Citizens of Oklahoma elected District Attorney Robert Macy five times to his position. Lauded as being tough on lawbreakers, Macy consistently received over 75% of the vote. He dressed like a cowboy and wrangled steers in his spare time, earning the nickname "Cowboy Bob." But his claim to fame is dark - during his 21 years as a prosecutor, he sentenced 54 people to capital punishment.
Macy's career has been plagued by controversy. In 2001, the FBI investigated forensic chemist Joyce Gilchrist, who was accused of falsifying DNA, hair, and fiber testimony for Macy - Gilchrist passed in 2015. Those who worked in the legal system with Macy believed he would do whatever it took to win a trial, including withholding evidence.
Macy's once-illustrious career came to an end - at least three people he sentenced to capital punishment were exonerated and nearly half of the sentences for which he was responsible have been reversed. Macy passed in 2011, but he will go down in history as one of the most controversial district attorneys in the United States.
The FBI found police chemist Joyce Gilchrist misrepresented forensic evidence. Gilchrist worked on 1,700 cases under Macy's leadership, and 23 of those resulted in capital punishment sentences. Eleven people already had their sentences carried out when the FBI began investigating Gilchrist.
The district attorney's office distanced themselves from Gilchrist's work, but the scandal had already incited criticism. Macy came to Gilchrist's defense - during his career, he had protected Gilchrist against multiple allegations of misconduct. Defense lawyer Barry Scheck said Macy's failure to investigate the claims showed he was "more interested in prosecutions than in getting it right."
A report by the Fair Punishment Project listed five of the most prolific prosecutors, and Macy was among them. An investigation found misconduct in one-third of Macy's cases, which included 18 capital punishment convictions.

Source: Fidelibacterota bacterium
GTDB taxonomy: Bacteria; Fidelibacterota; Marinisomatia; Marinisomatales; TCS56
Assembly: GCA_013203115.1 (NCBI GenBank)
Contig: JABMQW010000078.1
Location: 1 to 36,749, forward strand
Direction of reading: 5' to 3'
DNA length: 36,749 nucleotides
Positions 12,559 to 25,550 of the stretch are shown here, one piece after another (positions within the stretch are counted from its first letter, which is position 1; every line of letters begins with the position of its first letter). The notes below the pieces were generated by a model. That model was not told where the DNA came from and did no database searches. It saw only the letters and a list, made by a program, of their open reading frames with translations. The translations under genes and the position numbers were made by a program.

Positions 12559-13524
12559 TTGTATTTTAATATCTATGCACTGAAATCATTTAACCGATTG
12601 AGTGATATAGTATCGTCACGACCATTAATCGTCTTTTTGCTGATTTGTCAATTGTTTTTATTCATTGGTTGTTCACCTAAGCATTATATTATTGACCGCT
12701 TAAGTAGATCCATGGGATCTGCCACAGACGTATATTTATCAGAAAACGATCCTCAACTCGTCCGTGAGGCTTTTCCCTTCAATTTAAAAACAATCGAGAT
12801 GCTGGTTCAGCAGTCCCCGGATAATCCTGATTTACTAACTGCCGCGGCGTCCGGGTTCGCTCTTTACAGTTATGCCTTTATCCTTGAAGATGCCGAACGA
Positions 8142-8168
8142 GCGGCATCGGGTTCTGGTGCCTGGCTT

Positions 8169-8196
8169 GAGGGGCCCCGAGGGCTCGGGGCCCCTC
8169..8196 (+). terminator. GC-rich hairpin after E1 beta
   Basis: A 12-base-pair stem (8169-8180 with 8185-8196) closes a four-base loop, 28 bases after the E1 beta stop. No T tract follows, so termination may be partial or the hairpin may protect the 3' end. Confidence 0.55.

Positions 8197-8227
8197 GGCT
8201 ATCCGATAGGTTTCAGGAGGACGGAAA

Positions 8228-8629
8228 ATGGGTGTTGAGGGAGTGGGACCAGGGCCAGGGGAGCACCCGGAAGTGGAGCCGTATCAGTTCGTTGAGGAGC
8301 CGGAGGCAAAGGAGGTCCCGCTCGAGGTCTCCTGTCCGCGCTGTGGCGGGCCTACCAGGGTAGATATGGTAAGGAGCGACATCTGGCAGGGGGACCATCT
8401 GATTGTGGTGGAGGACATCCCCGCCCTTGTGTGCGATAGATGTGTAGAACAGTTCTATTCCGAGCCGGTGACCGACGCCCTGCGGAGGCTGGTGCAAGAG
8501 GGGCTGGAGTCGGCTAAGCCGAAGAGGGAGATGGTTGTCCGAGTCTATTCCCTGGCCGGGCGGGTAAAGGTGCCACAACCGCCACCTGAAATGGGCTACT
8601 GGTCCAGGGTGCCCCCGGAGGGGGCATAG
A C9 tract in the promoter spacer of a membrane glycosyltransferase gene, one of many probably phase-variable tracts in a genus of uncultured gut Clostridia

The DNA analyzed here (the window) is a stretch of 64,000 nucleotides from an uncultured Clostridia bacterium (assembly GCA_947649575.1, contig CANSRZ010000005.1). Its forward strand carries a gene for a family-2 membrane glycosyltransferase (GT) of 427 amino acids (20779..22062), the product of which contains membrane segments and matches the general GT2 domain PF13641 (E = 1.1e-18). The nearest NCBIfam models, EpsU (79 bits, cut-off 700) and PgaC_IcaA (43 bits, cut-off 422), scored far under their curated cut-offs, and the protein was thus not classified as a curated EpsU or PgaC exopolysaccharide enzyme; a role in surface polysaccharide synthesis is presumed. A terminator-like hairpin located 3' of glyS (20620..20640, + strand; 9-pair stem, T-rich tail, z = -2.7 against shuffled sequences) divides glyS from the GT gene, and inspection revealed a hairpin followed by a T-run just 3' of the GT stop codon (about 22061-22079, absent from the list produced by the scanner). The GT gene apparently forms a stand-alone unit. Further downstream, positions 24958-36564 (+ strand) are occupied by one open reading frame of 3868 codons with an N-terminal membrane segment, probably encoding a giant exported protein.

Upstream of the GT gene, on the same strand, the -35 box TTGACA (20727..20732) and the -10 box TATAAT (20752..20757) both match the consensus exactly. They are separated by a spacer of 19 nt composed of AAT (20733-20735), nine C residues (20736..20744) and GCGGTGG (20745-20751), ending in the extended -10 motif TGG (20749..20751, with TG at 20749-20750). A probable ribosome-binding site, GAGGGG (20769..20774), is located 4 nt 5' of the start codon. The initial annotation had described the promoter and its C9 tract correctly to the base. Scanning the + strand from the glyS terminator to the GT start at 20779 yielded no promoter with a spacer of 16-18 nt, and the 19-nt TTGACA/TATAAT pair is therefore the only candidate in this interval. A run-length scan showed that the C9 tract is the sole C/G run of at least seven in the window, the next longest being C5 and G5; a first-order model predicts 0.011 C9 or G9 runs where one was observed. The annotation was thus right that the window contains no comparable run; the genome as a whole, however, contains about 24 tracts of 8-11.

During Macy's 21-year term, Oklahoma saw more sentences for capital punishment than it had during the prior 40 years. In the six years after Macy left office, the number of capital punishment convictions dropped to one every two years.
Around 20 years before the Supreme Court ruled that minors couldn't receive a sentence of capital punishment, Macy tried 16-year-old Sean Sellers and convicted him of the punishment; it was carried out in 1999. Macy expressed pride in the sentencing, touting the result as a success.
Although Macy could legally sentence Sellers to capital punishment, there was a taboo among prosecutors at the time regarding using the punishment on minors. According to a friend of Sellers, he slew a convenience store clerk just "to see what it felt like." He then went on to slay both of his parents.
Sellers's team appealed the decision on the grounds that he had been diagnosed with multiple personality disorder, but his conviction was never overturned. Sellers was 29 when the state of Oklahoma carried out his sentence.
The New York Times reported that Macy had a stack of old baseball-style cards on his desk. The front depicted Macy on horseback, and the back contained statistics about how many people he sentenced to capital punishment.
When asked about the stack of cards, Macy said they were from a previous campaign.